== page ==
This month, as we stumble headlong toward both the
Munich High End show and our 100th issue, I've temporarily taken more of a
back seat in the review haul. This is in part to reacquaint myself with the
passion of music. Getting paid to listen to music all day is not exactly the
toughest job in the world, but if your music is constantly used to assess the
performance of pieces of audio equipment, you run the risk of being unable to
switch off ‘work mode' listening. By taking a short break from writing
about products, I've already rediscovered my musical happy place.
It's something we rarely write about, but the importance
of taking a musical break from time to time is a vital part of being a music
lover, especially a music lover who's also fond of tinkering with bits of
audio equipment. Spend too many hours listening to the same few test tracks
over and over again can wipe out the enjoyment that is the reason why we all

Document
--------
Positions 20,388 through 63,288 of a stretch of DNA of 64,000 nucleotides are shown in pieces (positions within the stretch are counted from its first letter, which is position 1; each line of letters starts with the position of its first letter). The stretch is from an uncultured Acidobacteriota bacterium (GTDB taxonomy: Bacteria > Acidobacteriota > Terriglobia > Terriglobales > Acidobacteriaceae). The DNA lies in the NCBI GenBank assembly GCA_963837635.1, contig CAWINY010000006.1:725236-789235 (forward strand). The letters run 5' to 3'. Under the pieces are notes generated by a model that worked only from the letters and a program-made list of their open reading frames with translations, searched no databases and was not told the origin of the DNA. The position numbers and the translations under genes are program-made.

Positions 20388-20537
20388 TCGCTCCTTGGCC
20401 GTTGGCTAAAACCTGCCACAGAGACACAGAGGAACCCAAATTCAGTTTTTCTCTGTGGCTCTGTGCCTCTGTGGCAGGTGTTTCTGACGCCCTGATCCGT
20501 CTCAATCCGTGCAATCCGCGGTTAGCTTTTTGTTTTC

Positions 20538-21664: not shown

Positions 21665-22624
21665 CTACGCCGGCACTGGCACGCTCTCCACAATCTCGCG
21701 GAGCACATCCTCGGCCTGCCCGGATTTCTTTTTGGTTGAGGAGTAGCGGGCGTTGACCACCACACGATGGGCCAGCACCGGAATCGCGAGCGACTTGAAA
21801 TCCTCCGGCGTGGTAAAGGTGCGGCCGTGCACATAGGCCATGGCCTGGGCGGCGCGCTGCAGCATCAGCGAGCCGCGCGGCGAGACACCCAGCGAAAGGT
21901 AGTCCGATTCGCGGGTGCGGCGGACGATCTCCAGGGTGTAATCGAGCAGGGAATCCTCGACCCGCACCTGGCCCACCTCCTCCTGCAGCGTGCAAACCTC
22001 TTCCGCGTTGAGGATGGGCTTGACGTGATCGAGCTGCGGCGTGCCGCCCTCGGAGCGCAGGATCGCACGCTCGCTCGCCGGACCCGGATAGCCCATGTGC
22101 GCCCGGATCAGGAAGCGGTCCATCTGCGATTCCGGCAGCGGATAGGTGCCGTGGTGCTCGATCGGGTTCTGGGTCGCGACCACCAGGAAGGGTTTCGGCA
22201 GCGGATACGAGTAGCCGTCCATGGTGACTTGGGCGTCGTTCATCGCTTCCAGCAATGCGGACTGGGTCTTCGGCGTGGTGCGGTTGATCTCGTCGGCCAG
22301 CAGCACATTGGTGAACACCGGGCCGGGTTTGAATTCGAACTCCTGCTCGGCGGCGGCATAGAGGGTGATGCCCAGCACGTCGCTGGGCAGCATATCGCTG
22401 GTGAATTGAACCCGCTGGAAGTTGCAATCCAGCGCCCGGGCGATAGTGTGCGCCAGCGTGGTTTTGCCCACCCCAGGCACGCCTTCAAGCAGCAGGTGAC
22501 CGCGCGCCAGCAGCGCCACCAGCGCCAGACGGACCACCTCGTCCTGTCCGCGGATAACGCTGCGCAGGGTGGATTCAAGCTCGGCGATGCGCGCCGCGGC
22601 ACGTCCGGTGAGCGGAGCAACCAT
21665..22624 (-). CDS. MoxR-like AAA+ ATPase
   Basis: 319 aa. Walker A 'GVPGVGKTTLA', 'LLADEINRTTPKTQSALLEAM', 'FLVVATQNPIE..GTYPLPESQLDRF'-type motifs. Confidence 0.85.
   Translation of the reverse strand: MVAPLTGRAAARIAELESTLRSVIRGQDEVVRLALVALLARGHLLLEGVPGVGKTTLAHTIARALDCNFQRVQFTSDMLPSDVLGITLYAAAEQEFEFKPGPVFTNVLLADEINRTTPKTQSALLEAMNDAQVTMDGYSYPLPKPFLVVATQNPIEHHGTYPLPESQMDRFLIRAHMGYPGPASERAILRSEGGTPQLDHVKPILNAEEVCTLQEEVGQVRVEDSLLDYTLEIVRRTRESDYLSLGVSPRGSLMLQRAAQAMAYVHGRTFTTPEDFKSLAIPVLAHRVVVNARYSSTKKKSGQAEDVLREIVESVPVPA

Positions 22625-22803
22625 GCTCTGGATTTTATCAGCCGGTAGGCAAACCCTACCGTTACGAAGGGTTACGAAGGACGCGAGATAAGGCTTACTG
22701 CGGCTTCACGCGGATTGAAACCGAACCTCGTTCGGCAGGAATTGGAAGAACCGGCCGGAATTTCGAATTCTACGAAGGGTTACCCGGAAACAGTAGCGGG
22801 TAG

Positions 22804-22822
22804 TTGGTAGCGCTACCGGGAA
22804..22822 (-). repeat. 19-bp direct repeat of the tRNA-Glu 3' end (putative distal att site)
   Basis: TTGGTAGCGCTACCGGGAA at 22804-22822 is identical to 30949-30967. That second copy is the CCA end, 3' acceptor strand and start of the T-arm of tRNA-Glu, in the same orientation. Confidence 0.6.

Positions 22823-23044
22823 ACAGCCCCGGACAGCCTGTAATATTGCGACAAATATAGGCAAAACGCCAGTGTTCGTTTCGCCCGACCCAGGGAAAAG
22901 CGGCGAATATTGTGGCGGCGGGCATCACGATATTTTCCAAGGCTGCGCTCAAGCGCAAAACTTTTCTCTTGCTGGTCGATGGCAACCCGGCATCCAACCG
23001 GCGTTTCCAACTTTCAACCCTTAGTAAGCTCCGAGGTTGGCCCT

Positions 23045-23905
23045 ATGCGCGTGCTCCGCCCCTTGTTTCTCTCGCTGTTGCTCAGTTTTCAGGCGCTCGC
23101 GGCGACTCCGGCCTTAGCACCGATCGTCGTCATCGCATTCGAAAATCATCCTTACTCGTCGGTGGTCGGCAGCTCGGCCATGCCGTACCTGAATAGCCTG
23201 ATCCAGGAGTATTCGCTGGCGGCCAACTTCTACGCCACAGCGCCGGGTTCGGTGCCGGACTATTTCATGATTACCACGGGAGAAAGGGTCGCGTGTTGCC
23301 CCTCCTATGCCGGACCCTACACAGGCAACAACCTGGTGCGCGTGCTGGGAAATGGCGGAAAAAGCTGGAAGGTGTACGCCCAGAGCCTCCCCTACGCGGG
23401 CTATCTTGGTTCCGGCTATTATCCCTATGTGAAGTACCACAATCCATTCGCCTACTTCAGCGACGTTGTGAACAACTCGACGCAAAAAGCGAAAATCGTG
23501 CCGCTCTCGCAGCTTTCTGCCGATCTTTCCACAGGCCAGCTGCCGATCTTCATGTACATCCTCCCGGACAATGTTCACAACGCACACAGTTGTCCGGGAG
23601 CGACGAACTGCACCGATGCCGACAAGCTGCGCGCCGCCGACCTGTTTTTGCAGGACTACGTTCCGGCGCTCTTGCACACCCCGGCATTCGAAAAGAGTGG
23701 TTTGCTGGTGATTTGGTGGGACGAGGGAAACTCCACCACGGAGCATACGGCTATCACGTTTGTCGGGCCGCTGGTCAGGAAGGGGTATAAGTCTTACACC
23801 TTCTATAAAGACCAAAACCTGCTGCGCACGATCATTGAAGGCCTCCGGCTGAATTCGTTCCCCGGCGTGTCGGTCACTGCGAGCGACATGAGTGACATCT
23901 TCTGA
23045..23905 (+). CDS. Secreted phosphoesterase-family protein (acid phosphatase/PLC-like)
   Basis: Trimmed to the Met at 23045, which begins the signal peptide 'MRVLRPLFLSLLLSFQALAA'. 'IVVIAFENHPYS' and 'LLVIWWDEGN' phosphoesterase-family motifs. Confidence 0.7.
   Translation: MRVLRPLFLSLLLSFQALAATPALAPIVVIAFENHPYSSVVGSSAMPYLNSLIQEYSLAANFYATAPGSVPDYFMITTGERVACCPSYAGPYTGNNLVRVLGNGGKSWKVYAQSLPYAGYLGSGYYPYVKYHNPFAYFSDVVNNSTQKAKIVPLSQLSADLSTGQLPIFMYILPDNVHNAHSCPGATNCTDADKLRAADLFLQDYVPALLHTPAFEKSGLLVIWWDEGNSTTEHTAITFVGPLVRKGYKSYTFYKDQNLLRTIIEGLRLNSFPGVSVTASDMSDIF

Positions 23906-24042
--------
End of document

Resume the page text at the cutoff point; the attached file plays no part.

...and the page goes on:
started buying bits of audio equipment.
The great advantage of audiophile single-mindedness is if
you want to know which version of Ravel's Bolero is best (or which cartridge
is best to play it on) that attention to detail is a good thing. But, the
constant fidgeting and adjustment to a system that worked perfectly well
before you started tinkering with it is a sure sign of audiophilia nervosa.
As such, I am currently deliberately limiting myself to one
album a day. A rise and shine diet of music I've either not had a chance to
listen to or haven't heard in years. None of it is 'work' music, either.
None of it will be used in reviews (and no, that doesn't mean I'm
listening to Sinetta or Max Bygraves albums). It's just ‘me' time. A
chance to listen to music unencumbered by deadlines, note-taking, critical
listening or fiddling with something.
And it's great. I think it's something every audiophile
should do every few years. Turn off the big system and just play music simply,
cheaply and for the sheer fun of things and discover new musical interests.
Reset your listening levels. Try it for yourself.
Hi-Fi Plus is
fast approaching something of a landmark – its 100th issue. And we'd
like you to be involved; we'd like you to tell us about your hi-fi high
points of the last 14 years. Of course, if they happen to involve Hi-Fi
Plus, all the better! Send your anecdotes and recollections to
firstname.lastname@example.org and we'll even print the ones that won't end up with
Alan Sircom, Editor Hi-Fi+